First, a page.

Just because someone creates something similar to your work, does not necessarily mean they've infringed on your creative rights. So how do you prove copyright infringement?
Proving infringement requires proving three things:
- Ownership of Copyright
- Access to the original
- Infringement outside of Exceptions.
An artist once asked me whether it’s an infringement of his copyright for his teacher to hold up his beautiful, original work as an example in class, and for new students to create similar works. For our artist, proving 1 and 2 (Ownership and Access) are easy and indisputable, but the law allows for limited use of copyrighted works for educational settings.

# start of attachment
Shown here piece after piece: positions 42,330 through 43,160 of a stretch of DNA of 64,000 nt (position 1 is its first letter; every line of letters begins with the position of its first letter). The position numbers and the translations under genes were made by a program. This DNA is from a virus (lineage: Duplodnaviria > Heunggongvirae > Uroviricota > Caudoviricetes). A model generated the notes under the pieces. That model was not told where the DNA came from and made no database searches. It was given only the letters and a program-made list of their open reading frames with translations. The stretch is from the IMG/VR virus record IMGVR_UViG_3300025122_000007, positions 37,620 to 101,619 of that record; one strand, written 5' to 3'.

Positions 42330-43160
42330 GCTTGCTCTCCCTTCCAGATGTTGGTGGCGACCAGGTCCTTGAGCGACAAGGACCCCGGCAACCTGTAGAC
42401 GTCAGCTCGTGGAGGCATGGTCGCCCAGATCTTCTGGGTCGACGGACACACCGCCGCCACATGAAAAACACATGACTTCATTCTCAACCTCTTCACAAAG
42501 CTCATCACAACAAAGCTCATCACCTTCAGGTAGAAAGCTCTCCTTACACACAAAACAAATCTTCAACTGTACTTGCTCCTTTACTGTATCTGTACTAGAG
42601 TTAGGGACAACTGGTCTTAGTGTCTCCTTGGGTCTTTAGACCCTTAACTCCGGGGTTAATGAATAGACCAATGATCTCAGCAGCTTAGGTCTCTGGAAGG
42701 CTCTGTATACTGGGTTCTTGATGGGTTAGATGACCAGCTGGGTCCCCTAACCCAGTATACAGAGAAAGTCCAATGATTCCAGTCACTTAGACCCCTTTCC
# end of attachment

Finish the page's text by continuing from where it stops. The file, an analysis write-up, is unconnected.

So yes, it’s a bit annoying that other people are practicing their craft using his work, but it’s probably not infringement. If he’s unhappy, the artist can talk to the teacher and ask them to refrain from using his work as an example.
It’s long been known that imitation of the masters is part of learning your craft, especially in the arts, but if someone is using your work outside of permissible exceptions of research, study, criticism, review and reporting, education and libraries according to the Copyright Act (1994) and especially if they are exploiting it financially, it might be time to seek legal advice.
Are you interested in finding out how copyright applies to you?
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Written by Karen Workman, Kaiwhakahaere Whakapa | Creative Rights Educator